According to the U.S. Department of Veterans Affairs, the number of student veterans on college campuses has more than doubled since 2009, and the growth is expected to continue (1). To best serve these students, campuses need to understand who they are and what they need. But that is easier said than done. A quick look at what we know about these students sheds light on this complexity.
Information is incomplete and scattered. A major challenge for many campuses is identifying military students. Veteran services offices serve students who are currently in the armed forces, those who have previously served, and their dependents or spouses. A campus may also have ROTC or other military prep programs. In most cases, military students are identified by their application for and use of GI benefits. Sometimes, students choose to self-identify on application forms. In other words, the information about who is a military student may be scattered widely across forms and offices.
Also, determining who is and who is not included in the counts can be challenging. A variety of military students and their families use GI benefits. Sometimes systems record only the use of benefits, not the categories of users (veterans, current, family members, etc.). This makes it difficult to know who is included in the numbers. If the data lives in the financial aid or the veteran services offices, it may be unavailable or unnoticed by the rest of campus. Additionally, some military students may not use benefits or other services, so they go uncounted. Surveys which ask about military status and backgrounds will only get data from respondents who self-identify. The lack of systematic, centralized data makes defining this population and understanding their needs a major challenge.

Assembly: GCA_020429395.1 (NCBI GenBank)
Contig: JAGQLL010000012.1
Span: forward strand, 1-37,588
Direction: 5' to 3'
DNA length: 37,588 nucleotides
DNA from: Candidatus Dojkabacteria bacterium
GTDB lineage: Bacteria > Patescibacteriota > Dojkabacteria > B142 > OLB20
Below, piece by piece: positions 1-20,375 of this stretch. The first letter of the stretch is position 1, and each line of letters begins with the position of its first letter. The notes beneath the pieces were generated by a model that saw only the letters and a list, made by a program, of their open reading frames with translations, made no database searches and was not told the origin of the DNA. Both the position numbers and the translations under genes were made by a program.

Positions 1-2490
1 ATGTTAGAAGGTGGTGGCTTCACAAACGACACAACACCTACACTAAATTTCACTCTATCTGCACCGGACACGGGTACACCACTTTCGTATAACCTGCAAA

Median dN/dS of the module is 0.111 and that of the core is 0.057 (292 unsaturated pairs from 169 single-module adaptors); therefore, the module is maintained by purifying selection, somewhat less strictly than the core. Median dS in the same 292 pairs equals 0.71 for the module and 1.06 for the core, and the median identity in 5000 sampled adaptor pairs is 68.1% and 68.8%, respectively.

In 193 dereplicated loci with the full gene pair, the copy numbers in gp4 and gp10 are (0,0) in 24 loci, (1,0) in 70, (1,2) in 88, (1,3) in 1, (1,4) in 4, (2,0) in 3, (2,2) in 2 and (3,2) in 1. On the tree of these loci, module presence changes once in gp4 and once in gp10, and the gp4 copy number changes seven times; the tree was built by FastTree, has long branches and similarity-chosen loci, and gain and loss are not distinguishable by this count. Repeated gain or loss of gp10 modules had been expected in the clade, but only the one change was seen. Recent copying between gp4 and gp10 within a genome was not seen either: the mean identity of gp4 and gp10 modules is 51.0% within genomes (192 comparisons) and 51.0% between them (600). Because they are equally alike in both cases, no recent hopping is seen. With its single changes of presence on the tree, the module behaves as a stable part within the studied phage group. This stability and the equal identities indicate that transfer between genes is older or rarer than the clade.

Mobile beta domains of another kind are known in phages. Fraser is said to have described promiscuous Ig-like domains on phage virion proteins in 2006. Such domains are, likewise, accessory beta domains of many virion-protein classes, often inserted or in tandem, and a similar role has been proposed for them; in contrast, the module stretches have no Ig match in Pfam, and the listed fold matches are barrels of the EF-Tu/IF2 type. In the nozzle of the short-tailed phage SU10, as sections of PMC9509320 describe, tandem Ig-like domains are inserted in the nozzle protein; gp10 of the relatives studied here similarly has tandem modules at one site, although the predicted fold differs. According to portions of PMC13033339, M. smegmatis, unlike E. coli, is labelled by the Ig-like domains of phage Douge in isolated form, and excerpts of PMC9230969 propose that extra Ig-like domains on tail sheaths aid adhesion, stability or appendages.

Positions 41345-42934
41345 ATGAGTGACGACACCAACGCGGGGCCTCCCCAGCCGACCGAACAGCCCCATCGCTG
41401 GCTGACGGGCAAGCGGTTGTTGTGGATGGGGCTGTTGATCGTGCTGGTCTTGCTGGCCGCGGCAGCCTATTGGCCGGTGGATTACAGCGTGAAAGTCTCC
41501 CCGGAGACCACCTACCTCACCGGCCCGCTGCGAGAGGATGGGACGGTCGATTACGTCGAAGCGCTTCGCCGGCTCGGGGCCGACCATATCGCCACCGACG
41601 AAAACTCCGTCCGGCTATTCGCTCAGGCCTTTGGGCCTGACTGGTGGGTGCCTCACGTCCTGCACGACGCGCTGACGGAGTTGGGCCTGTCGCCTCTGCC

Military students differ from other students. High-level data highlights key ways in which military students differ from their non-military peers. For instance, Figure 1 shows some comparisons using the 2013 Mapworks Fall Transition Survey, which highlights early behaviors and experiences of first-year students. Military students were more likely than their non-military peers to have strong academic behaviors, such as communicating with instructors outside of class and working on large projects well in advance of the due date. They were also more likely to have strong academic self-efficacy. However, military student were less likely than non-military students to build strong peer connections. So, as expected, the data shows that learning more about military students may be key to supporting their success.
But, you can’t paint all military students with the same brush. When looking at a student sub-population, the easiest approach is to try to understand them as a singular group. Yet, with military students, this approach is likely flawed. This diverse category includes current military members who may be balancing college and military duties as well as veterans with a variety of experiences and demographics. So a broad brush to describe these students misses important distinctions and needs.
Take, for instance, peer connections.Figure 1above shows the differences between military and non-military students in peer connections. However, is it simply enough to say that all military students may struggle with building strong peer connections? Let’s dig a little deeper.
How strong are peer connections for students who still have military duties, for instance? Or, what do peer connections look like for students who have been on a hazardous deployment?Figure 2shows the percentages of students with strong peer connections, but divides the results by 1) current military status, and 2) history of hazardous deployment.
The differences are significant. Current active, guard and reservist military students are significantly more likely to have strong peer connections than separated or discharged military students. Similarly, those who have never been deployed to areas of hazardous duty are more likely to have strong peer connections than those who have. Simply saying that military students struggle with peer connections can not tell the whole story.
Overall, as we seek to serve our growing numbers of military students, we need to look more closely. Stories of individual students, while powerful, do not substitute for data, just as broad descriptions are too simplistic. These students are more complicated than basic pictures and approaches. And they deserve our best efforts.